FCC Order Requires Traffic Pumping LECs to Pay Intermediate Carrier Charges

On September 27, 2019, the FCC released an order which updates the traffic pumping rules.  The order updates the definition of access stimulation for ILECs and CLECs, and once a LEC meets that definition that LEC must change its tariff and must pay for intermediate carrier’s charges. Although access stimulation was addressed in the FCC’s 2011 USF/ICC Transformation Order, according to the FCC’s order, the problem of establishing “free” conference calling, chat lines, and other high-volume services in rural exchanges specifically to engage in arbitrage schemes that ultimately cost consumers money persists. The FCC found that despite the 2011 strategies to reduce arbitrage, the number of access stimulated minutes has not dropped.  The FCC believes this is because, “access stimulation schemes have adapted to shrinking end office termination charges and now seek to take advantage of access charges that have not yet transitioned or are not transitioning to bill-and-keep.” Based upon this finding, the Commission decided to take additional measures. The new rules are aimed at eliminating the financial incentives of the access stimulation.

Currently, a carrier is engaged in access stimulation if:

  • it has a revenue sharing agreement with an entity that results in a net payment to the other party (including affiliates), and
  • it has an interstate terminating-to-originating traffic ratio of at least 3:1 in a calendar month or has more than a 100% growth in interstate originating and/or terminating switched access minutes of use in a month compared to the same month in the preceding year.

The FCC has retained the above definition and added alternative criteria where there is no revenue sharing agreement, with distinctions for CLECs and rate-of-return carriers.  The following traffic triggers will apply if there is no revenue sharing agreement:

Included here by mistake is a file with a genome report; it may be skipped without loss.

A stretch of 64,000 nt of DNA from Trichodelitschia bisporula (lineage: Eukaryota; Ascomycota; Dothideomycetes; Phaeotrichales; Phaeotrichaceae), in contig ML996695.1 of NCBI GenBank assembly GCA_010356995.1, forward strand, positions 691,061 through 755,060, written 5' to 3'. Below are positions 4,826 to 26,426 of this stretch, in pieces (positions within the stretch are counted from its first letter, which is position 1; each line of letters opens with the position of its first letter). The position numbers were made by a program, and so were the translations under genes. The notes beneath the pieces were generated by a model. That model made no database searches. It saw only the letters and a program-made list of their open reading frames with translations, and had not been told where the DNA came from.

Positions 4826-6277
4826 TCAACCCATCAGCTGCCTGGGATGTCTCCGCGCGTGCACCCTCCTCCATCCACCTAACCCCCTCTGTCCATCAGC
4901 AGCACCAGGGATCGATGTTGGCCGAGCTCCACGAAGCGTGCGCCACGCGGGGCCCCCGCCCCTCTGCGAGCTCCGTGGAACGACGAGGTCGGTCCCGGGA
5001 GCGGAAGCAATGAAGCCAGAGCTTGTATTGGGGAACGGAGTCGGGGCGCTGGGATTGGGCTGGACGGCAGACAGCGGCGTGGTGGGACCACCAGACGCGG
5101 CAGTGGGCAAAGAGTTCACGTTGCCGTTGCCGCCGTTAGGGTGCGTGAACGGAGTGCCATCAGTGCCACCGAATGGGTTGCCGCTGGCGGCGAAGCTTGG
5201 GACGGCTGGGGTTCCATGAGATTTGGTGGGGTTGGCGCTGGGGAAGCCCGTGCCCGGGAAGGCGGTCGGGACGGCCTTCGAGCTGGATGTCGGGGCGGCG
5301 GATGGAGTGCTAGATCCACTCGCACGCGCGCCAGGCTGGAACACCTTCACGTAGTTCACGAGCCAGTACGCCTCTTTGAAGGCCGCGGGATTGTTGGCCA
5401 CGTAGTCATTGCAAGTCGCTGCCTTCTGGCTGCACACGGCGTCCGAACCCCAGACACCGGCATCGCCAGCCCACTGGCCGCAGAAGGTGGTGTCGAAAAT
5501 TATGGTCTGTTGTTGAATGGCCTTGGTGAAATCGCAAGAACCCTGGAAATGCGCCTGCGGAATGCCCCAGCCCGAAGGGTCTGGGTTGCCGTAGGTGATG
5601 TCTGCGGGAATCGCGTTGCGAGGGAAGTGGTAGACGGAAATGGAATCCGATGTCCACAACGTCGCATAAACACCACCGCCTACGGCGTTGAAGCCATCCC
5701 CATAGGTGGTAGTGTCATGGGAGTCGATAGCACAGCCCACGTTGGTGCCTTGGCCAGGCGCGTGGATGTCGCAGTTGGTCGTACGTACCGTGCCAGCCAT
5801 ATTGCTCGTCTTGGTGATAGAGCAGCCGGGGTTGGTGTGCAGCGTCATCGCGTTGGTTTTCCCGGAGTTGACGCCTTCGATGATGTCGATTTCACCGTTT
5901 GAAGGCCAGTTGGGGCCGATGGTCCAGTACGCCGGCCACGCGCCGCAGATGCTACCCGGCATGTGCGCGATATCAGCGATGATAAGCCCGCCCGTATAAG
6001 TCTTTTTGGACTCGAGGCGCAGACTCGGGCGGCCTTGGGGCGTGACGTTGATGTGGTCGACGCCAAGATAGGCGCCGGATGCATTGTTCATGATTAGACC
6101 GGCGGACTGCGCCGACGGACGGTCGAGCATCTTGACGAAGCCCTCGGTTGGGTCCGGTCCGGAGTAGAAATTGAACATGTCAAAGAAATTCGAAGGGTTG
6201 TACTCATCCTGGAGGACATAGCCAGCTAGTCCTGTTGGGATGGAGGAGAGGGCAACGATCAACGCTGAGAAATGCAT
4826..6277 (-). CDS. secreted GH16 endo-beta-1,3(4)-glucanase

A rate-of-return carrier is an access stimulator if:

  • the interstate terminating-to-originating traffic ratio is at least 10:1 in an end office in a 3-calendar month period and has 500,000 minutes or more of interstate terminating MOU/month in the same end office in the same three calendar month period.

A CLEC is an access stimulator if:

  • the interstate terminating-to-originating traffic ratio is at least 6:1 in an end office in a calendar month.

Once the traffic trigger is met under either the current or newly adopted criteria, the access stimulator must:

  • self-report to the FCC, IXCs and intermediate carriers (an entity that carries or processes traffic at any point between the final Interexchange Carrier in a call path and a LEC engaged in Access Stimulation);
  • remove terminating switched access for tandem switching and terminating tandem switched transport from it tariffs within 45 days and must not bill terminating switched access tandem transport charges to IXCs or Intermediate Access Providers;
  • designate, if needed, an Intermediate Access Provider that will provide terminating switched access tandem switching and terminating switched access tandem transport service to the traffic pumping LEC. The traffic pumping LEC will assume financial responsibility for the Intermediate Access Provider’s charges;
  • not tariff tandem switching and terminating tandem switched transport between the tandem and end office;
  • adjust (only if a rate-of-return carrier) the 2011 Base Period Revenue for CAF funding to remove any increases in revenue requirement resulting from access stimulation activities during the relevant measuring period.

A carrier will continue to be a traffic pumper until the following occurs:

A rate-of-return carrier is no longer deemed an access stimulator when (a) all revenue sharing agreements are terminated, (b) the terminating-to-originating traffic ratio falls below 10:1 for six consecutive months, (c) the interstate MOU/month falls below 500,000 for six consecutive months and (d) it does not have more than a 100% growth in interstate originating and/or terminating switched access minutes of use in a month compared to the same month in the preceding year.

A CLEC is no longer deemed an access stimulator when (a) all revenue sharing agreements are terminated and (b) interstate terminating-to-originating traffic ratio falls below 6:1 in an end office in a calendar month.

Note that these rules will affect both the regulated rate-of-return companies and their affiliated CLECs.  Companies will need to monitor their traffic ratios to ensure they do not meet the originating-to-terminating triggers.  If you do meet these ratio triggers but are not a traffic pumper, you may be able to file a waiver with the FCC.

If you have any questions please contact John Kuykendall at jkuydendall@jsitel.com or Valerie Wimer  vwimer@jsitel.com by email or 301-459-7590.